FILM OF THE YEAR BPM (Beats Per Minute) - The Orchard Call Me By Your Name - Sony Pictures Classics Get Out - Universal Lady Bird - A24 The Shape of Water - Fox Searchlight
DIRECTOR OF THE YEAR (FILM OR TELEVISION)
Sean Baker, The Florida Project – A24
Guillermo del Toro, The Shape of Water – Fox Searchlight
Greta Gerwig, Lady Bird - A24
Luca Guadagnino, Call Me By Your Name - Sony Pictures Classics
Christopher Nolan, Dunkirk – Warner Bros.
Jordan Peele, Get Out - Universal
BEST PERFORMANCE OF THE YEAR -- ACTRESS
Sally Hawkins, The Shape of Water – Fox Searchlight
Frances McDormand, Three Billboards Outside Ebbing, Missouri - Fox Searchlight
Margot Robbie, I, Tonya - Neon
Saoirse Ronan, Lady Bird - A24
Daniela Vega, A Fantastic Woman - Sony Pictures Classics
BEST PERFORMANCE OF THE YEAR – ACTOR
Nahuel Perez Biscayart, BPM (Beats Per Minute) — The Orchard
Timothée Chalamet, Call Me By Your Name - Sony Pictures Classics
James Franco, The Disaster Artist – A24
Daniel Kaluuya, Get Out - Universal
Gary Oldman, Darkest Hour – Focus Features
SUPPORTING FILM PERFORMANCE OF THE YEAR -- ACTRESS
Mary J. Blige, Mudbound - Netflix
Tiffany Haddish, Girls Trip - Universal
Allison Janney, I, Tonya - Neon
Laurie Metcalf, Lady Bird - A24
Michelle Pfeiffer, mother! - Paramount
SUPPORTING FILM PERFORMANCE OF THE YEAR -- ACTOR
Willem Dafoe, The Florida Project – A24
Armie Hammer, Call Me By Your Name - Sony Pictures Classics
Richard Jenkins, The Shape of Water – Fox Searchlight
Sam Rockwell, Three Billboards Outside Ebbing, Missouri - Fox Searchlight
Michael Stuhlbarg, Call Me By Your Name - Sony Pictures Classics
LGBTQ FILM OF THE YEAR BPM (Beats Per Minute) — The Orchard Battle of the Sexes - Fox Searchlight Call Me By Your Name - Sony Pictures Classics A Fantastic Woman - Sony Pictures Classics God's Own Country – Samuel Goldwyn Films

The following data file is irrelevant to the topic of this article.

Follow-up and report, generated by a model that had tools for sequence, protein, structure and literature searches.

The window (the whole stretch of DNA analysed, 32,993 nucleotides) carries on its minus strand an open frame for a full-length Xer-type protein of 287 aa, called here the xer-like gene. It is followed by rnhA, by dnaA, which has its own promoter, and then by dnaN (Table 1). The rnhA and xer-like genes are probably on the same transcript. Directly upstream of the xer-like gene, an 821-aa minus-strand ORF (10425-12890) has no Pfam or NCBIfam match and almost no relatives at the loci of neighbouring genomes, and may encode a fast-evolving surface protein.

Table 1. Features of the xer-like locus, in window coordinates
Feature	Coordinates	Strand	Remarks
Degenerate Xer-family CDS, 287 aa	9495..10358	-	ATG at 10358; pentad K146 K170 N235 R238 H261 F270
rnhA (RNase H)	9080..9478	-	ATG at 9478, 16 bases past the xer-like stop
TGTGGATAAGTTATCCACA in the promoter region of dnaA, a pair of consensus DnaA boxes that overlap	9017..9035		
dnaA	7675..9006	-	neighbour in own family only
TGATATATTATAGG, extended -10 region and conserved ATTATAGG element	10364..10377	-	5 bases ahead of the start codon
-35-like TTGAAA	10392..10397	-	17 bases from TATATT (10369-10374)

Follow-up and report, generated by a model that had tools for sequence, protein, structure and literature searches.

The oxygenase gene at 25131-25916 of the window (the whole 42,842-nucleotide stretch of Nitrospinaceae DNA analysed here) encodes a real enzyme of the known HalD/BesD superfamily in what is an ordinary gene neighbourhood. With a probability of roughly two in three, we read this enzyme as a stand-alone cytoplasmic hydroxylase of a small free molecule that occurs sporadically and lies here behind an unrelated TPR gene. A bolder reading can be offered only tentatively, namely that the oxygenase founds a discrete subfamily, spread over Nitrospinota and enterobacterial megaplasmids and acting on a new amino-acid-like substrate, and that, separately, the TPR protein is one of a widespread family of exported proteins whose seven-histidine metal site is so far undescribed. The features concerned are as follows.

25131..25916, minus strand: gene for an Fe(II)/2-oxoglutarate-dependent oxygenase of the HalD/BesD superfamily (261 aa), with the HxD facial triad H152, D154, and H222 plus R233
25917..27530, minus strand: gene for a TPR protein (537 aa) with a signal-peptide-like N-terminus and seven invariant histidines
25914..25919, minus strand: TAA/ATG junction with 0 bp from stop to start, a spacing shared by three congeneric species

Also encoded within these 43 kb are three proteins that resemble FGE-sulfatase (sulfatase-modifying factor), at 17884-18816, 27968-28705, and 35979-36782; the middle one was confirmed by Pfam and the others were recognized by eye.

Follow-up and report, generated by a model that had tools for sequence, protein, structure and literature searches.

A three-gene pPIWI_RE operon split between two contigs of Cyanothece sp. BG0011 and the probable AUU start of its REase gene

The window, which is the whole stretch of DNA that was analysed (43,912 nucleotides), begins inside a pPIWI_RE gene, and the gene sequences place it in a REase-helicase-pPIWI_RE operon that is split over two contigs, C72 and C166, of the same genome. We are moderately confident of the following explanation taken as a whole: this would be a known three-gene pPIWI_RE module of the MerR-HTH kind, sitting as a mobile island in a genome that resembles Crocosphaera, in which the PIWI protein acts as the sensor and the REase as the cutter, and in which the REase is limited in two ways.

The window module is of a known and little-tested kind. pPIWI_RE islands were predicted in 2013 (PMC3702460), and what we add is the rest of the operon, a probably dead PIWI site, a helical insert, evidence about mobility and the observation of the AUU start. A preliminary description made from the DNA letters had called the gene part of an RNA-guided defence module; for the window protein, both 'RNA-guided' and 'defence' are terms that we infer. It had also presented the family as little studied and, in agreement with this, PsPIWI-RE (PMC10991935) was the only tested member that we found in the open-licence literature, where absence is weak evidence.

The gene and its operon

FOREIGN LANGUAGE FILM OF THE YEAR BPM (Beats Per Minute) — The Orchard
A Fantastic Woman - Sony Pictures Classics First They Killed My Father - Netflix The Square – Magnolia Pictures Thelma – The Orchard
SCREENPLAY OF THE YEAR (ORIGINAL OR ADAPTED)
James Ivory, Call Me By Your Name - Sony Pictures Classics
Jordan Peele, Get Out - Universal
Greta Gerwig, Lady Bird - A24
Guillermo del Toro, Vanessa Taylor, The Shape of Water – Fox Searchlight
Martin McDonagh, Three Billboards Outside Ebbing, Missouri - Fox Searchlight
DOCUMENTARY OF THE YEAR
(theatrical release, TV airing or DVD release) Bombshell: The Hedy Lamarr Story – Zeitgeist/Kino Lorber The Death and Life of Marsha P. Johnson - Netflix Faces Places – Cohen Media Group Jane – National Geographic/Abramorama Kedi - Oscilloscope
VISUALLY STRIKING FILM OF THE YEAR
(honoring a production of stunning beauty, from art direction to cinematography) Blade Runner 2049 – Warner Bros. Call Me By Your Name - Sony Pictures Classics Dunkirk – Warner Bros. The Shape of Water – Fox Searchlight Wonderstruck - Amazon
UNSUNG FILM OF THE YEAR BPM (Beats Per Minute) - The Orchard Beach Rats - Neon God's Own Country – Samuel Goldwyn Films Professor Marston and the Wonder Women - Annapurna Wonderstruck - Amazon
CAMPY FLICK OF THE YEAR Baywatch - Paramount The Disaster Artist – A24 The Greatest Showman – 20th Century Fox I, Tonya - Neon mother! - Paramount
TV DRAMA OF THE YEAR Big Little Lies - HBO - HBO The Crown - Netflix Feud: Bette and Joan - FX The Handmaid's Tale - Hulu Twin Peaks: The Return - Showtime
TV COMEDY OF THE YEAR Better Things - FX GLOW - Netflix The Good Place - NBC The Marvelous Mrs. Maisel - Amazon Will & Grace - NBC
TV PEFORMANCE OF THE YEAR – ACTRESS
Clare Foy, The Crown - Netflix
Nicole Kidman, Big Little Lies - HBO
Jessica Lange, Feud: Bette and Joan - FX
Elisabeth Moss, The Handmaid's Tale - Hulu
Reese Witherspoon, Big Little Lies - HBO
TV PEFORMANCE OF THE YEAR -- ACTOR
Aziz Ansari, Master of None – Netflix
Sterling K. Brown, This Is Us - NBC
Jonathan Groff, Mindhunter - Netflix
Kyle MacLachlan, Twin Peaks: The Return - Showtime
Alexander Skaarsgård, Big Little Lies - HBO